The Right Attitude to Distilling at Altitude!

08 December 2022
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More consultant-baloney that needs to be addressed. I read an article that "researched" distilling at altitude. The consultant's conclusion was that craft distillers located at higher altitudes have the amazing benefit of "gentler boils". And the article implied that these craft distillers have a benefit to others, located closer to sea level, as these low-altitude distilleries are confronted with more aggressive boils in their stills.

Now, everyone is entitled to their own opinion. But no one is entitled to their own facts. The right attitude to distilling at altitude is not based on an opinion, but on science. Science perfectly explains how distilling at altitude differs from distilling at sea level. Spoiler alert: the consultant that claims high-altitude distilling is favored by a more gentle boil in his still is completely wrong. Science teaches us it is the exact opposite.

Air pressure

The earth is surrounded by a layer of air. This air asserts a pressure downward, on the earths crust. Or on the people, distilleries, and stills on that crust. A lower location results in a bigger layer of air above your distillery. A bigger layer of air above your "lowland" distillery results in high air pressure.

A distillery that's located at 2,000 meters or 6,000 feet could be called a "highland" distillery, or a "distillery at altitude". The layer of air above this location is smaller, resulting in lower air pressures at these higher altitude distilleries. Why is this important? Because air pressure is one-on-one related to boiling temperature.

Pure ethanol boils at 78.3 Celsius. At sea level, that is. In Utah and Colorado, visiting distilleries at altitudes of 2,000 meters and more, I have seen boiling points drop to as low as 72 degrees Celsius. How come that high-altitude distilleries are faced with lower boiling points of pure ethanol? Because there is less air pressure.

A boiling liquid uses all the energy input to form gasses. The bigger the air blanket, the higher the air pressure, the more back-pressure those gasses are met with. Higher pressure, including higher air pressure, results in higher boiling points of the liquid that generates the gasses. Contrary, at high altitude, in a low air pressure situation, gasses are not pushed back as hard. They find less resistance and the boil starts earlier because of it.

Gentle boil, really?

As air pressure creates "resistance" to the boil, it slows down both the boil and the vapor speeds of the resulting gasses. More air pressure equals a slower boil and slower vapor speeds in the column. Less air pressure results in less resistance in the column, and thus in a more aggressive boil!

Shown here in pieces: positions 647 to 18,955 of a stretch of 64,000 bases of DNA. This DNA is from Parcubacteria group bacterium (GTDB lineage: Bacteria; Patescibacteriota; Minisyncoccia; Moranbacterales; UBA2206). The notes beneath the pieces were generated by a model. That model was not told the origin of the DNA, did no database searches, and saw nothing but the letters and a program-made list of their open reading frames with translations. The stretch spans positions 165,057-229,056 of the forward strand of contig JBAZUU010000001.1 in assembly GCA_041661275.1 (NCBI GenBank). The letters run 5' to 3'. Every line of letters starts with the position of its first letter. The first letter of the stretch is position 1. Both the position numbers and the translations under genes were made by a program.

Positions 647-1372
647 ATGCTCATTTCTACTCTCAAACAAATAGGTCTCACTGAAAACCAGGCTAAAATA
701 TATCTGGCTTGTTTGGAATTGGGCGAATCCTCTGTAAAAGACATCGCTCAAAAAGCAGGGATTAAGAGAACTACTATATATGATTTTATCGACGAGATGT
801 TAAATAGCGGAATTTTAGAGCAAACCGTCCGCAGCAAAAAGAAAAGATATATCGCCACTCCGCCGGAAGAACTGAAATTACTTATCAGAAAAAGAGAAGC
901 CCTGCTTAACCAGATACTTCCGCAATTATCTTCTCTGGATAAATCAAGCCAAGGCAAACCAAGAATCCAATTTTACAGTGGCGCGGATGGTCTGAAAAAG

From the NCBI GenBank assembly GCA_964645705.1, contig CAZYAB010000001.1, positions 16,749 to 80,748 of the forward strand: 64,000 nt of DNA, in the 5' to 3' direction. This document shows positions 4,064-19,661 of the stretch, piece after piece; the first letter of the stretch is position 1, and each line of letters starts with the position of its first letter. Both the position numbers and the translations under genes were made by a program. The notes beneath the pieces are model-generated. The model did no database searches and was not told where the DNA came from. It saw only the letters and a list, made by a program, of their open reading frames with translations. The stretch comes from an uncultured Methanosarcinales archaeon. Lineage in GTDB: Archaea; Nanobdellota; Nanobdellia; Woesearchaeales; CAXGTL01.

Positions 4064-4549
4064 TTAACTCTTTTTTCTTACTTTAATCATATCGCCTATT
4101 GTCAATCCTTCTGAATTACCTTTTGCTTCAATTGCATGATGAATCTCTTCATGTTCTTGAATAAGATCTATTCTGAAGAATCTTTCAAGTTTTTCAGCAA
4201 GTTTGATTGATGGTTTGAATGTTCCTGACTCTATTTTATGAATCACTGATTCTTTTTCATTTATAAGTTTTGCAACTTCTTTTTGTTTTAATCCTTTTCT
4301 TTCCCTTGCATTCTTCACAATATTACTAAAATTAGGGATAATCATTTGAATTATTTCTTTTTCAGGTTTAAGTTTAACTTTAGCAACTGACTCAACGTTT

There you have it: the consultant was wrong. Completely wrong. And there is a risk that many craft distillers read his article and thought they needed to be afraid of not being high up in the mountains. They shouldn't be afraid. It is 180 degrees different from how the consultant presented his conclusions. It is the sea level distilleries that are faced with the gentler boils, because the higher air pressure dampens both the boil and the speeds of the gasses exiting the liquids because of that boil.

The right attitude

You distill in a location, because you live there. Or because you expect it to be a city full of commercial opportunities. But, please, don't move up the mountain, because of this consultant's completely wrong assessment that it would lead to more gentle boils, implying "better product".

Here's what is really going on, when we compare a sea level distillery to a high-altitude location. The high-altitude distillery is faced with a more aggressive boil and higher vapor speeds in his column. This results in more smearing of heads and tails into hearts. All things equal, a higher location results in less control and a more contaminated product, that needs more aging.

There is an additional disadvantage for high-altitude distilleries. Air pressure changes and their relative influence. Sea level distilleries have a big air blanket above them. If the air pressure changes (different weather fronts coming in, for example), it changes a little bit. For distilleries at altitude, even small changes are RELATIVELY bigger, resulting in more variability in vapor speeds and more variability in smearing and flavor (like the "bumping" issue in vacuum distillation, discussed in an earlier iStill Blog post).

How to manage altitude

In order to compensate for the lower air pressure at higher altitudes, the distiller needs to power down. A lower power input results in a less aggressive boil and lower associated vapor speeds. Sometimes as much as a 50% reduction in power is needed, but this obviously depends on still type, spirit, and location.

To compensate for the higher variability in vapor speeds, in distilleries at altitude, the distiller needs to invest in a still that has power management, air pressure sensors, and automated cuts management. Power management allows the distiller to compensate for low air pressure conditions. An air pressure sensor can detect changes in air pressure, a computer can translate these changes into new cut point temperatures, and an automated cuts selector can translate these outcomes into perfect cuts, each and every time.

Hmmm ... if only there were such a still. A still with 1-100% power management. A still with seven digit accurate air pressure measurements on a per second basis. If only there is a still with a computer and software to translate air pressure changes into new cut points, instantly and automatically ... wouldn't that be an amazing innovation? If only ...

iStill's air pressure sensor measures with seven digit accuracy ...


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